Access to land, prejudice and poverty: hurdles that 22-year-old agripreneur Masello Mokhoro is conquering

While her peers were being carefree, a young Masello Mokhoro had already adopted the mindset of an entrepreneur. From selling soap with her grandmother to sweets and snacks at primary school, she helped generate an income for her family, from a young age. Growing up as an only child to a single mother who worked as a seasonal farmworker in the small town of Bultfontein, Free State meant that she had to take on a lot of responsibility much earlier than most children.

Today, her entrepreneurial spirit has led to the establishment of her own agri-business called Starlicious Enterprises which rears broiler chickens and pigs for meat production. She notes that the name of her business is “unconventionally girly” but was purposefully chosen as it sends a strong message that a girl can be as capable in farming as anyone else.

With agribusiness offering huge potential for growth in Africa – up to possibly US$1 trillion in value by 2030, according to the World Bank – the role of women in the sector has come under the spotlight. And so, the career chosen by Mokhoro could turn her into the sort of role model the sector needs to attract other women.

Despite these personal achievements, Mokhoro has had to confront many issues of inequality affecting women in agriculture

Mokhoro’s passion for farming is clear from her studies and her current activities. Holder of a National and Advanced Diploma in Agricultural Management, both Cum Laude, from the Central University of Technology in Bloemfontein, she has mentored first-year students studying Agricultural Management since 2019, and serves as Chairperson of the Agricultural Student Organisation, while also offering part-time practical lectures in Soil and Pasture Science for first-year students.

Despite these personal achievements, Mokhoro has had to confront many issues of inequality affecting women in agriculture. According to NEPAD, while women account for 50% of the agricultural labour force in East and Southern African countries, their ownership of agricultural land for business purposes drops to a mere 15 percent. Women continue to suffer the repercussions of persistent inequality, including access to resources such as finance.

When asked why she decided to start her own business after completing her studies, Mokhoro notes that it was her struggle in entering the industry as a woman that became the driving force behind her decision to strike out on her own.

“In my second year of studies I had to gain practical experience on a farm for an entire year, but it was a huge struggle to get a farm placement as a woman. Even when I was able to land a placement, I was often told to stick to the kitchen instead,” she adds.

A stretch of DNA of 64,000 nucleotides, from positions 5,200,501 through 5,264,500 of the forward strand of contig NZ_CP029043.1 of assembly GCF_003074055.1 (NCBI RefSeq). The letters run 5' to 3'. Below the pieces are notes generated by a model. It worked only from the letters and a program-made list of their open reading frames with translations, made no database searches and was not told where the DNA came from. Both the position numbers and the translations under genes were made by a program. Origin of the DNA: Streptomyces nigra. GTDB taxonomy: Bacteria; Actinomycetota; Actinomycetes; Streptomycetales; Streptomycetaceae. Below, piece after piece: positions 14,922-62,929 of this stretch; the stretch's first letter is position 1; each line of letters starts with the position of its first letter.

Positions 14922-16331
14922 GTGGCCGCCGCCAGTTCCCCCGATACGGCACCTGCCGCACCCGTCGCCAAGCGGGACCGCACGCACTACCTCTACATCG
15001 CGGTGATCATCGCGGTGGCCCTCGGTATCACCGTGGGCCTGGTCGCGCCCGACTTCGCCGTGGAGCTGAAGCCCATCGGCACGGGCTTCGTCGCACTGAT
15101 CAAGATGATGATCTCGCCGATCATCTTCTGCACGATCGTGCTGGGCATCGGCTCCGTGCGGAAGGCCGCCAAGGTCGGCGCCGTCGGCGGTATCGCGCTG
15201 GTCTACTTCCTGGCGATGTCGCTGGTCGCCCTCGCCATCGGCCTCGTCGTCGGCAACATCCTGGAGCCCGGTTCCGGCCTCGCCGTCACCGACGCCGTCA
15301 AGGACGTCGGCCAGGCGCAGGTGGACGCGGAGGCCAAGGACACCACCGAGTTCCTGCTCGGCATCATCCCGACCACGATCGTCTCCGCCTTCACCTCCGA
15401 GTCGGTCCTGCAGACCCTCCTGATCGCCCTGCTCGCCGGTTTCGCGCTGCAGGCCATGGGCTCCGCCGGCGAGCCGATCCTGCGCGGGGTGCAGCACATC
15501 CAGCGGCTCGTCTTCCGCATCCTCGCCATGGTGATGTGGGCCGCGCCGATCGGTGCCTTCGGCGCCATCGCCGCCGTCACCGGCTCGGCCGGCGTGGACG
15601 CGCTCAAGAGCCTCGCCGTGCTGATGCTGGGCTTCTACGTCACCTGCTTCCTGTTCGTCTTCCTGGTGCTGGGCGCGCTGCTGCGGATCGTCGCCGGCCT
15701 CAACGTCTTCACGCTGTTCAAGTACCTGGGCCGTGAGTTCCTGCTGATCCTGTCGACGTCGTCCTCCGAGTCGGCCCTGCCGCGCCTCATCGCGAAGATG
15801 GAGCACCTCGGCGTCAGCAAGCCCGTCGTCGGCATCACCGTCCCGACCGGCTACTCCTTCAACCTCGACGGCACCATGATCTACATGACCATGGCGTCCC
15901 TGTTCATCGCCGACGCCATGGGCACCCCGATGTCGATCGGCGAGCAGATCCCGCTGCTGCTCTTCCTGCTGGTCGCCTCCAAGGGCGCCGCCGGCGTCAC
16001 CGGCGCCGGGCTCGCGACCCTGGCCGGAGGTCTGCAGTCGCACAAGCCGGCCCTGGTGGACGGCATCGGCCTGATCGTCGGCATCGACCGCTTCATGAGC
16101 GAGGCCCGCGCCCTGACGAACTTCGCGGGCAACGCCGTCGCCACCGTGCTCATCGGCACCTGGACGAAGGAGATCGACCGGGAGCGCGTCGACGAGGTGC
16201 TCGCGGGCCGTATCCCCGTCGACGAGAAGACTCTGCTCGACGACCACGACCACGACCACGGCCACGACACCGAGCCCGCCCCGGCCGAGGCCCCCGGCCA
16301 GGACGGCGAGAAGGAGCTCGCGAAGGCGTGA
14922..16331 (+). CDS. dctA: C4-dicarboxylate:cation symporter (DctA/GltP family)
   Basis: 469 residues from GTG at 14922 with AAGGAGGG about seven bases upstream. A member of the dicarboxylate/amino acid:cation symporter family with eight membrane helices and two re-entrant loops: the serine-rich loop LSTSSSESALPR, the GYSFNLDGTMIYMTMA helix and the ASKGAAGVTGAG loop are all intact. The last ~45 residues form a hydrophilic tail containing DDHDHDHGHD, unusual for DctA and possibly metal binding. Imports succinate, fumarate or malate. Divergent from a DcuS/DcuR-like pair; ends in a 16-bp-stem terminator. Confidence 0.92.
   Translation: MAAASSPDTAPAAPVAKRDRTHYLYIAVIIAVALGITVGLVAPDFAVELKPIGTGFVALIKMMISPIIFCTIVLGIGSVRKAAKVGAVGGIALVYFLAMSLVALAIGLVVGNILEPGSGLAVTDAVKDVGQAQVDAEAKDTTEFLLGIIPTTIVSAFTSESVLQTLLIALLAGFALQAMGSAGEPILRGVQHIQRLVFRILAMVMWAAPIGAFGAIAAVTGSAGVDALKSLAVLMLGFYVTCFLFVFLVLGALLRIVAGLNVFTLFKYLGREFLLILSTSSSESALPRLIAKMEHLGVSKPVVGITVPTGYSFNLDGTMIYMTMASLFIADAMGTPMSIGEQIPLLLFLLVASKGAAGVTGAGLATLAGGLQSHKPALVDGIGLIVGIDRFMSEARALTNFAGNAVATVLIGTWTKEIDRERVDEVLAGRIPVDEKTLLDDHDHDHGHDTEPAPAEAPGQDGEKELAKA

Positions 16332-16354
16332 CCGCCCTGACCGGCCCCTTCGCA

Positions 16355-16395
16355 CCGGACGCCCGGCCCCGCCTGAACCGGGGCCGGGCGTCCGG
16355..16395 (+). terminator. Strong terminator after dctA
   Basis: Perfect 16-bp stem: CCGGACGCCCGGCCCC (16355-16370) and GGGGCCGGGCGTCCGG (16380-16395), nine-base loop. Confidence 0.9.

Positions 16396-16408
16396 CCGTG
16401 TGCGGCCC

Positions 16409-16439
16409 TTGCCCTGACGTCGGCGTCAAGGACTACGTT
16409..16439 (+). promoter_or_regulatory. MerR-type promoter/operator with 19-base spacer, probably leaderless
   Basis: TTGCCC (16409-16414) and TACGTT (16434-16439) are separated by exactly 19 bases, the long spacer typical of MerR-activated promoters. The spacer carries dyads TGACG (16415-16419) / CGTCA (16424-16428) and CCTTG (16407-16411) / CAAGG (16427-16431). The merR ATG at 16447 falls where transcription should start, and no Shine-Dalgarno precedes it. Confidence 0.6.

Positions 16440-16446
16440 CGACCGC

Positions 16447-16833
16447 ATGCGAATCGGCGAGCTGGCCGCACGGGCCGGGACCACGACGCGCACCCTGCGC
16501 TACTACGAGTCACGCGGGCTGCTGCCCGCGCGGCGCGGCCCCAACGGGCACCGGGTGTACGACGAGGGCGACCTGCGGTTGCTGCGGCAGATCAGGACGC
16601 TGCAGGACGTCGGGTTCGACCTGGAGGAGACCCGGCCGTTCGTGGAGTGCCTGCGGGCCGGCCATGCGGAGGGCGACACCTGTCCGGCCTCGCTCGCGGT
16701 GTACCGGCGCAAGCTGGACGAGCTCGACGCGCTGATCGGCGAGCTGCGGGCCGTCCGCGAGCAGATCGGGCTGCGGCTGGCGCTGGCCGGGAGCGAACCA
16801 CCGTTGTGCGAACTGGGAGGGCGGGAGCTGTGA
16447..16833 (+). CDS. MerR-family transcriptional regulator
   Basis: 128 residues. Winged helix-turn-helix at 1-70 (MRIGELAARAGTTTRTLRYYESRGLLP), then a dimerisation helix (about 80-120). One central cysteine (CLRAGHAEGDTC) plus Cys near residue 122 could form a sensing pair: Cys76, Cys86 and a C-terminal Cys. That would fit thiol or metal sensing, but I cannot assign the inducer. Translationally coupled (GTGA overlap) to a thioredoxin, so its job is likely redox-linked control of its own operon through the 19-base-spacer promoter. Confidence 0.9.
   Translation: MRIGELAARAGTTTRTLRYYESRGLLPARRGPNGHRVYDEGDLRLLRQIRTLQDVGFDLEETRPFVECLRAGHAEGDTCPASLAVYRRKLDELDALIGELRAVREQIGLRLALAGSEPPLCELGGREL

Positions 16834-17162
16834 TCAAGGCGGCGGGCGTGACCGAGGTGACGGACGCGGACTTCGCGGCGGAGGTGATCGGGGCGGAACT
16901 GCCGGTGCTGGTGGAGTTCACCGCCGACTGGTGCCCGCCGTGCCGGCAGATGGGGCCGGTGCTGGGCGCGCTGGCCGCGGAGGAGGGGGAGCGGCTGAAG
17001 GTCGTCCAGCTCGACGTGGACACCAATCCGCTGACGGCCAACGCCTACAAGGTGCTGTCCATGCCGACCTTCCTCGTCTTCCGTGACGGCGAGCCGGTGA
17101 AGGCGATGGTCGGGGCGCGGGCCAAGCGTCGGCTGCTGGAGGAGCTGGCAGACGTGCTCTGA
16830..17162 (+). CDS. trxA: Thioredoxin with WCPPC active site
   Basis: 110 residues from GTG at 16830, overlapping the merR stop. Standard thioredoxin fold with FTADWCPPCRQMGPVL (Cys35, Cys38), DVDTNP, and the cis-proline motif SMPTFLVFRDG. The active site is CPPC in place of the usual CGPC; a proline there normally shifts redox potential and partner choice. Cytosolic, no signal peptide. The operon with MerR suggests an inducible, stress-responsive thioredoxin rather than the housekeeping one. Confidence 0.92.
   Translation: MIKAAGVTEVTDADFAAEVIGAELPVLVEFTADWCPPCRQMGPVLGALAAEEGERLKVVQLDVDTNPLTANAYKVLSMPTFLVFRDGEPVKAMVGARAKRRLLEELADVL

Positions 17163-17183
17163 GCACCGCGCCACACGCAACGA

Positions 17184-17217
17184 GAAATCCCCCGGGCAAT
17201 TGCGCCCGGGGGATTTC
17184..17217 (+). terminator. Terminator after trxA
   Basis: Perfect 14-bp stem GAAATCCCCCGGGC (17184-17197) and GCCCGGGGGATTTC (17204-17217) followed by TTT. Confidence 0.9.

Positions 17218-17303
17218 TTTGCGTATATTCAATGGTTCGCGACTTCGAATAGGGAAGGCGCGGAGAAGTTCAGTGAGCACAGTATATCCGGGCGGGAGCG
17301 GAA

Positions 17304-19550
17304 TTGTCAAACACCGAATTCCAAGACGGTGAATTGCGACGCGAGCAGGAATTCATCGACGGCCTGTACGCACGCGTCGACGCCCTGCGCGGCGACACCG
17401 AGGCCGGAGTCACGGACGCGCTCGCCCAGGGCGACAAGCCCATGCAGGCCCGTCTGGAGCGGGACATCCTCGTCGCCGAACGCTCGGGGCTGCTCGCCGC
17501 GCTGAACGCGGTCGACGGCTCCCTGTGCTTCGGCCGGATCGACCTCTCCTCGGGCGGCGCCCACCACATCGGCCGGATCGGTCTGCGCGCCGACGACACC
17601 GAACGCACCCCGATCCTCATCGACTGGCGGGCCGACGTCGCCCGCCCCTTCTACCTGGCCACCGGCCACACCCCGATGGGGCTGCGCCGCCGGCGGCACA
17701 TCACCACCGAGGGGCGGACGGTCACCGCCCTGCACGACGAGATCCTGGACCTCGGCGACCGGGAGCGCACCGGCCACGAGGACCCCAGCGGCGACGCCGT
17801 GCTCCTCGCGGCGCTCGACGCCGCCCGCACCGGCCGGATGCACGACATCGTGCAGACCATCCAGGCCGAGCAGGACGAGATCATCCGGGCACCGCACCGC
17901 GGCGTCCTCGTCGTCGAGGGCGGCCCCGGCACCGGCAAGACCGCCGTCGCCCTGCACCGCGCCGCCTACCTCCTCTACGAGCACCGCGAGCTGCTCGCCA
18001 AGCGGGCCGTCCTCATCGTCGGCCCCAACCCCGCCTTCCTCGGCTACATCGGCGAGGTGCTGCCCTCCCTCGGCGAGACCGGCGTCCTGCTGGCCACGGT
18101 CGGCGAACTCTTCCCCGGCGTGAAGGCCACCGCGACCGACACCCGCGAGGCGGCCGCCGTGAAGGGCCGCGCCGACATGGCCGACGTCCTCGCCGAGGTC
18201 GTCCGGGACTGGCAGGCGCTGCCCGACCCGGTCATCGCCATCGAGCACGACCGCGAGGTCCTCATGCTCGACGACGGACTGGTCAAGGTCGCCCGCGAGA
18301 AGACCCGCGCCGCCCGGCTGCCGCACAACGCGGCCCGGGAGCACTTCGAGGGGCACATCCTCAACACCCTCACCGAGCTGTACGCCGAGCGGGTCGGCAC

“That’s when I realised that I would probably have to deal with the same kinds of problems when I’d completed my studies and started looking for work. And so, I decided to start my own business. In addition, I wanted to be able to look after my family whom I had been supporting with my university allowance while I was studying.”

However, she points out that building her own business did not exempt her from dealing with those challenges she faced as a woman in the agricultural sector and that it was still often difficult to get people to take her seriously and respect her.

Mokhoro is hopeful, though, saying, “I believe that progress is already being made in the industry with the government’s call for more women and youth to participate in farming as well as the amount of support being made available to these two groups in the sector. The only thing left that we need to change is our mindset that farming is not for women.”

Mokhoro says that she chose to work with pigs and chickens since they are reared intensively and access to land was difficult. She attended a business proposal workshop at university where she was chosen as one of the lucky winners and this helped to fully kickstart Starlicious Enterprises.

Her tenacity to overcome the obstacles set before her continues to bear fruit. In October 2021, Mokhoro received the exciting news that she had been selected as one of the top 26 Anzisha Prize fellows, out of hundreds of entries from entrepreneurs across the continent. The fellowship prize is awarded to young entrepreneurs between the ages of 15 and 22 who will take part in a three-year fellowship programme where they will be able to learn critical business skills and receive more than US$40 000 in grand prizes and venture-building support services.

“I wasn’t fully aware at first of the significance of the Anzisha Prize when I first applied or of the benefits that come with being a part of the program. I heard stories of people who had applied more than three times before getting selected, so I was surprised when I was selected after my first attempt,” says Mokhoro. “It has been such an honour to be part of this fellowship with the

Anzisha Prize and it has motivated me to keep pushing boundaries. It will help take my business to even greater heights than I had imagined and help to unleash both my full potential as an individual business-owner and help me to create jobs and sustainable income opportunities for others.”

Launched in 2010, the Anzisha Prize aims to support the development of young entrepreneurs and empower them to become job creators that build up themselves, their families, and their communities in a way that has a positive impact for generations to come.